As Black women, it is no secret that we wear our hair in unique styles as a way to express our individuality and unity. We rock edgy haircuts, straight tresses, and colorful dyes that give us that exclusive look, but according to a new study recently published in the International Journal of Cancer, you may want to think twice before getting your natural hair permanently dyed or chemically straightened.
Time reports, the study followed 46,700 U.S. women between the ages of 35 to 74 to ask them questions about their lifestyle—including their hair product use.
Each woman involved in the study enrolled in the Sister Study, which recruited breast cancer-free women whose sisters had been diagnosed with the disease.
Over the follow-up period of eight years, each woman answered questions not only about their lifestyle but also their health and demographics.
Funded by the National Institutes of Health (NIH) and the National Institute of Environmental Health Sciences, the study found that more than half of the women reported the use of permanent hair dyes in the year before they joined the study, and about 10% said they had used chemical straighteners.
Researchers found these women had a greater chance of being among the nearly 2,800 study participants who ended up developing breast cancer—especially Black women.
“We observed a higher breast cancer risk associated with any straightener use and personal use of permanent dye, especially among black women,” the report read. “These results suggest that chemicals in hair products may play a role in breast carcinogenesis.”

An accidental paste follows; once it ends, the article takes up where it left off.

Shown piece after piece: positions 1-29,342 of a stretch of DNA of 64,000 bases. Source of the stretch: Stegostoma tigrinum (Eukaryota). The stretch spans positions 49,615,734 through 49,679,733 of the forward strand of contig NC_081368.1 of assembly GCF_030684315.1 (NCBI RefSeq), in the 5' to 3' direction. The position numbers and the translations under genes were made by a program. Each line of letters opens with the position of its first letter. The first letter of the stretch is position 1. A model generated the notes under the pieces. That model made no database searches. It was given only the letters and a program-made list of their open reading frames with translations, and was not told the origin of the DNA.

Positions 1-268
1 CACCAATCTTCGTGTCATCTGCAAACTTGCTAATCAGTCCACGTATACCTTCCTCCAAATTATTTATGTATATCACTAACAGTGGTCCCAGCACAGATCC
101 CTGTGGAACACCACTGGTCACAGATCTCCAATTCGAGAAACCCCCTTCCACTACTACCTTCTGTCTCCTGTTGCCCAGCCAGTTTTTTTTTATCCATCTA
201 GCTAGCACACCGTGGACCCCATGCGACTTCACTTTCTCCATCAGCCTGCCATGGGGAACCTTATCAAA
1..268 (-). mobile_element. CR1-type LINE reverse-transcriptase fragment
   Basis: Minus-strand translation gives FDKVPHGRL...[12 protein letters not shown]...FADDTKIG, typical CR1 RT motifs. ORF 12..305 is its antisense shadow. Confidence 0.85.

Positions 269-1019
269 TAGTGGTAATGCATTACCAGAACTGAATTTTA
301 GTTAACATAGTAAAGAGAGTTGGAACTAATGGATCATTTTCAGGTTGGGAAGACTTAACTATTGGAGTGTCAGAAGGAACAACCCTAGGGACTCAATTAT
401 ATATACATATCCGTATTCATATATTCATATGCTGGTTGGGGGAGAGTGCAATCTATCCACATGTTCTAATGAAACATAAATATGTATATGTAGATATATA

Here is a simplified breakdown of the study:
- Those who used permanent hair dye had a 9% higher risk of developing breast cancer, compared to non-users.
- Black women who used permanent hair dye had a 45% higher risk of breast cancer, compared to non-users. The risk increased by 60% for those who used these products every eight weeks or more.
- 74% of the Black women studied reported using chemical straighteners, compared to 3% of white women. The use of chemical straighteners put the users at an 18% higher risk of breast cancer.
So, why are Black women put at higher risks for breast cancer when using permanent dyes and chemical straighteners?
One of the study's authors, National Institute of Environmental Health Sciences epidemiologist Alexandra White, noted that the difference may be stemmed by the many formulations of the dyes and straighteners used by Black women compared to their White counterparts.
The study’s co-author Dale Sandler adds that Black women’s coarser and thicker hair may also absorb more dye.
We don’t know about you, but for us, rocking our natural hair and getting a custom wig has just become far more desirable.
At this time, more research is needed to confirm those hypotheses, but Sandler says it is important for doctors to make note of the differences in hair textures.
It's important to note, Black women are reportedly more likely to die from breast cancer than White women are.